The closest thing I did to that was go on this big canoe trip where the new people were all thrown into the river when first arriving. I just ran from them and threw myself in.


#9

I would say “no.”


#10

I have done at least half of those, but never knew that more than a handful are significant enough to have a name.


#11

Thank god international flights are too short to foment these inanities.


#12

Sailors must get so very bored.


#13

Ahem…

I’m in an HBCU sorority.

I actually pledged and crossed “the Burning Sands.”

It ain’t just males.


#14

Nice article! I never partook in hazing, and had the impression that it was purely meanhearted, and it is interesting to see that there might be more to it, at least at times.


#15

Really it wasn’t that a big of a deal. I became a shellback in 1966. First was attacked with shaving cream. then got my hair snipped with an office scissors (when I had hair), ran the gauntlet being hit with cut pieces of firehouses. (Stung some) Had a fire hose turned on me. Had to pay homage to King Neptune and his queen. Had to kiss the royal baby’s belly (exposed belly of fattest guy on board ship) with fake vomit on it and then was forced to dive into a tank of water. The worst results was having to look in the mirror for a few weeks until I could get a decent hair cut. No one who was a polly wog was spared and so my joy came watching some officers being hazed in the same way. No one was injured, no one got more punishment than anyone else. Sure it’s typical male bullshit but it was fun!.


#16

Went through this in 1983 on the Belleau Wood as an embarked Marine. As an officer, it was a chance for my troops to have some fun since a lot of them had done it before. But I also remember my guys telling other shellbacks (especially the Navy one) to stay away from me. If you are on ship it is to be expected when you cross the line. And as far as being bored: yup, it is boring at sea during long passages. This is more of a celebration than hazing and a great break in routine.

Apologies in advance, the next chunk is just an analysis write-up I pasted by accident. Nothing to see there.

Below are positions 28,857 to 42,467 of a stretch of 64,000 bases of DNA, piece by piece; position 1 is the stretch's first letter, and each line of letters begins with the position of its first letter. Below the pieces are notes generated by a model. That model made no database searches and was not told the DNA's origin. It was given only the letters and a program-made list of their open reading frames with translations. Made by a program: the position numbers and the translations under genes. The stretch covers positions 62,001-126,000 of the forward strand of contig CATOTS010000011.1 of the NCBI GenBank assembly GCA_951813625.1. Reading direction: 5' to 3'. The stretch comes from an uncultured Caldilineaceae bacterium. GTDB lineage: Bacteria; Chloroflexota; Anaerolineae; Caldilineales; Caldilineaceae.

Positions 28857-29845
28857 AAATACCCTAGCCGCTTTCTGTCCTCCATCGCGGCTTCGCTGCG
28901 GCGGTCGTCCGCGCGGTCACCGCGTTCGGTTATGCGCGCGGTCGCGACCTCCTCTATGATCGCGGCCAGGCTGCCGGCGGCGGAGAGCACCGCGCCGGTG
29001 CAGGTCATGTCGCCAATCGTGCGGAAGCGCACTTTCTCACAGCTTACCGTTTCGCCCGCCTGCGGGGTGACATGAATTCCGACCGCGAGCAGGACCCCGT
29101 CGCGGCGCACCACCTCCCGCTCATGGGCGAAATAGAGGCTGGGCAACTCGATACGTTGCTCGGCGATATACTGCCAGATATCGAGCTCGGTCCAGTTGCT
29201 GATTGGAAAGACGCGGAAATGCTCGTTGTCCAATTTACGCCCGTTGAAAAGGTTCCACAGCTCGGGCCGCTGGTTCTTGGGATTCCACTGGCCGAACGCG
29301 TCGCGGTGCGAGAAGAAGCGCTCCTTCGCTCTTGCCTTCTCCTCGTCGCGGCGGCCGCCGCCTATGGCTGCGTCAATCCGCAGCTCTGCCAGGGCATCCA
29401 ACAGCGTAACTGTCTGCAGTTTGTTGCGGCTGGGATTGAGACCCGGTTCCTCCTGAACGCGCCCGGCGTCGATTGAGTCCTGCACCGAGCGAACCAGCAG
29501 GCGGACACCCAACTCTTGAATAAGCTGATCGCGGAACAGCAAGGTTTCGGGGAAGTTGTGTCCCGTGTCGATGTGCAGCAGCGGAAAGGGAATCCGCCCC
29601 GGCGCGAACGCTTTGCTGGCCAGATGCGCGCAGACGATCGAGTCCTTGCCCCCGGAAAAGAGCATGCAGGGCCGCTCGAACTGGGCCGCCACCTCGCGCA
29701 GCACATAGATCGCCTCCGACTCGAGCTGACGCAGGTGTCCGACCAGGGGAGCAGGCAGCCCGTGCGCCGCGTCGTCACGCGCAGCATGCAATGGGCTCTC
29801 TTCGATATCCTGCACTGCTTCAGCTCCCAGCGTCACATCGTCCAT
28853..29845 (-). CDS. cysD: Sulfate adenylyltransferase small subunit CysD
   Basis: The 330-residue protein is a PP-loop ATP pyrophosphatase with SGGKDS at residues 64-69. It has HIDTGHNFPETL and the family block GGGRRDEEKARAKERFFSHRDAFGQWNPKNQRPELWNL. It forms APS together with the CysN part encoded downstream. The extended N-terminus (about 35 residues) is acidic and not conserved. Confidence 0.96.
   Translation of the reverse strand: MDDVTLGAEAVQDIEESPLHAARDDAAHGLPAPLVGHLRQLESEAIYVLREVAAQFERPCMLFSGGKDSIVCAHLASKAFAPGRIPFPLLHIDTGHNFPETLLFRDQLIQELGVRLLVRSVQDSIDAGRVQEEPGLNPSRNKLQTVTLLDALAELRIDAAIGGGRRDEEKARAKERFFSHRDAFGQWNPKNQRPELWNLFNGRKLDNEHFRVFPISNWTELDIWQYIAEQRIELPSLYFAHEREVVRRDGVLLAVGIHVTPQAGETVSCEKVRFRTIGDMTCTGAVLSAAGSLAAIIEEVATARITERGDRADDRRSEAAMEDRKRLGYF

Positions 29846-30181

You can scoff and say the ritual is outdated, sexist and inhumane, but it does bond you together especially in a military unit.
I have two certificates and both proudly hang on my office wall.
And by the way, my sister-in-law went through it in the 1970’s on an around the world study voyage on a cruise ship.
Her experience was much less messy than mine…


#17

I had never ever been hazed until this June at the age of 62 on a tall ship [barkeuropa.com] north of Ascension Island. As a retired meteorologist/oceanographer I was punished for being too idle to fill in the weather log by being showered with simulated rain (from the fire hose), snow (rice), hail (ice cubes) etc. The menu included well-fermented flying fish …


#18

… “pollywog” appears to mean tadpole [https://en.wikipedia.org/wiki/Polliwog_(disambiguation)], which seems appropriate …


#21

My bucket list just got an item longer.


#22

Instructions unclear.